Double vs. Float, Which is Better?
There are three floating point types in C and C++:
What the Standard Has to Say
There are exactly two guarantees provided by the standard:
precision(float) <= precision(double) <= precision(long double). We are guaranteed that
floathas no more precision than
doublehas no more precision than
long double. It is possible for all three to be the same data type in a given implementation.
- The default floating point type is
double, that is,
- f suffix
- If you want a
floatconstant, you must specify this with the
- L suffix
- Similarly, a
long doubleconstant must be specified with the
Guidance Provided by Stroustrup
"The exact meaning of single-, double-, and extended-precision is implementation-defined. Choosing the right precision for a problem where the choice matters requires significant understanding of floating-point computation. If you don't have that understanding, get advice, take the time to learn, or use double and hope for the best." [emphasis added]
Standard Library Implementation
Where there is only one version of a standard library floating point operation, the library defaults to working with
double. This includes the functions
strtod. In C89 the only data type supported by all math.h functions was
On modern hardware
float in every case. In the higher optimization levels
long double even outperforms float.
The test code was compiled with the command line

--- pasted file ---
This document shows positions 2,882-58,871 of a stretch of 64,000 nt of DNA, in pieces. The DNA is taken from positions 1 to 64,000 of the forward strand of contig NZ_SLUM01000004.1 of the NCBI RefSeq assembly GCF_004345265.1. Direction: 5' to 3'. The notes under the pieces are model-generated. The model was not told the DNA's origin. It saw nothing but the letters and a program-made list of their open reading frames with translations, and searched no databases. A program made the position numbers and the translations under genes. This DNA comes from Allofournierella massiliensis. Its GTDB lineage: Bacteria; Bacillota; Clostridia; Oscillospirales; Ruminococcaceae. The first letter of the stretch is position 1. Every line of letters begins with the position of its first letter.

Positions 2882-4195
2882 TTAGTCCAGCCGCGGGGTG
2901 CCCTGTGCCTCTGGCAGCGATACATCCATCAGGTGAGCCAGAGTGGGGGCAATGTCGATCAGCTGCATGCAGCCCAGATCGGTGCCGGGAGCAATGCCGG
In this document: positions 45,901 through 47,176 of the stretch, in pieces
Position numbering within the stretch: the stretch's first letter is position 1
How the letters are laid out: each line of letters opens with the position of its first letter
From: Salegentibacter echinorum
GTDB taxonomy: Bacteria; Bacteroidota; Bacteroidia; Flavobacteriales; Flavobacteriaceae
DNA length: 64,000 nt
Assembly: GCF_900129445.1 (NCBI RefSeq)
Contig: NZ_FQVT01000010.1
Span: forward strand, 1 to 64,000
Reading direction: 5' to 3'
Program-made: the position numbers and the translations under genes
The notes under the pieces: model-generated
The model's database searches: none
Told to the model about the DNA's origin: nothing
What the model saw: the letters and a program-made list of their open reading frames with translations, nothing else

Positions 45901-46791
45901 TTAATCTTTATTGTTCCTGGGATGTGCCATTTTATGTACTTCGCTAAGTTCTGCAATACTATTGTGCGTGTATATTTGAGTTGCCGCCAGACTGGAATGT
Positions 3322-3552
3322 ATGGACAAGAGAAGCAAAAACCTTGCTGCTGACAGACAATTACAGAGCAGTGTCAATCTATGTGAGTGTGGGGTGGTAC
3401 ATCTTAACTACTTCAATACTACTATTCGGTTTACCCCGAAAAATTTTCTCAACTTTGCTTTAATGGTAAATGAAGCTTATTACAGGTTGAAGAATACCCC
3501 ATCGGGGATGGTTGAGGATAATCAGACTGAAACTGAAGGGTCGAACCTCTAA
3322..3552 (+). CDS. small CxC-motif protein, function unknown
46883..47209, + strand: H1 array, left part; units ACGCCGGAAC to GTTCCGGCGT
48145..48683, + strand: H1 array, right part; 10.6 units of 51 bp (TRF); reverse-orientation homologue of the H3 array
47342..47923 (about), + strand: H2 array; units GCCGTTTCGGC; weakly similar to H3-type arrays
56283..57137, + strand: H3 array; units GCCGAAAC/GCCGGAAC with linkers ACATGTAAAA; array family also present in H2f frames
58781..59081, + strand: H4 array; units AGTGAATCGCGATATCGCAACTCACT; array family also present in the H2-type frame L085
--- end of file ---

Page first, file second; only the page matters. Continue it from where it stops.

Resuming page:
Type name: f Size in bytes: 4 Summation time in s: 2.82 summed value: 6.71089e+07 // float
Type name: d Size in bytes: 8 Summation time in s: 2.78585 summed value: 6.6e+09 // double
Type name: e Size in bytes: 16 Summation time in s: 2.76812 summed value: 6.6e+09 // long double
The test code was:
T sum(int num_times, T value)
std::chrono::high_resolution_clock::time_point t1 = std::chrono::high_resolution_clock::now();
for (int i = 0; i < num_times; ++i)
val += value;
std::chrono::high_resolution_clock::duration d = std::chrono::high_resolution_clock::now() - t1;
std::cout << "Type name: " << typeid(T).name() << " Size in bytes: " << sizeof(T) << " Summation time in s: " << std::chrono::duration_cast<std::chrono::duration<double>>(d).count();
std::cout << " summed value: " << sum<float>(2000000000, 3.3) << std::endl;
std::cout << " summed value: " << sum<double>(2000000000, 3.3) << std::endl;
std::cout << " summed value: " << sum<long double>(2000000000, 3.3) << std::endl;
std::cout << " summed value: " << sum<unsigned char>(2000000000, 3.3) << std::endl;
std::cout << " summed value: " << sum<short>(2000000000, 3.3) << std::endl;
std::cout << " summed value: " << sum<long>(2000000000, 3.3) << std::endl;
std::cout << " summed value: " << sum<long long>(2000000000, 3.3) << std::endl;
double should be your preferred floating point type in nearly every situation.
- It's faster.
- It's the default in C and C++.
- It's more portable and the default across all C and C++ library functions.
- It's significantly higher precision. The answer above is outright wrong (off by 2 orders of magnitude) for float. My simple 3.3 summation example quickly loses precision. In a smaller case, summing the value 3.3 2000 times results in: 6599.89 when using
floatinstead of the correct answer of 6600.
- Stroustrup recommends it.
There is exactly one case where you should use
float instead of
- It's smaller. On 64bit hardware with a modern gcc,
doubleis 8 bytes and
floatis 4 bytes.
Similarly, there is exactly one time you would need to use
- It's very high precision. You might have an application that needs the absolutely most correct floating point precision you can get today.
Finally, and perhaps most importantly: 64bit floating point has been the standard supported in Intel compatible CPU's supporting the SSE2 instruction set since 2001. On most platforms
double uses this same 64 SSE2 (IEEE64 bit) type.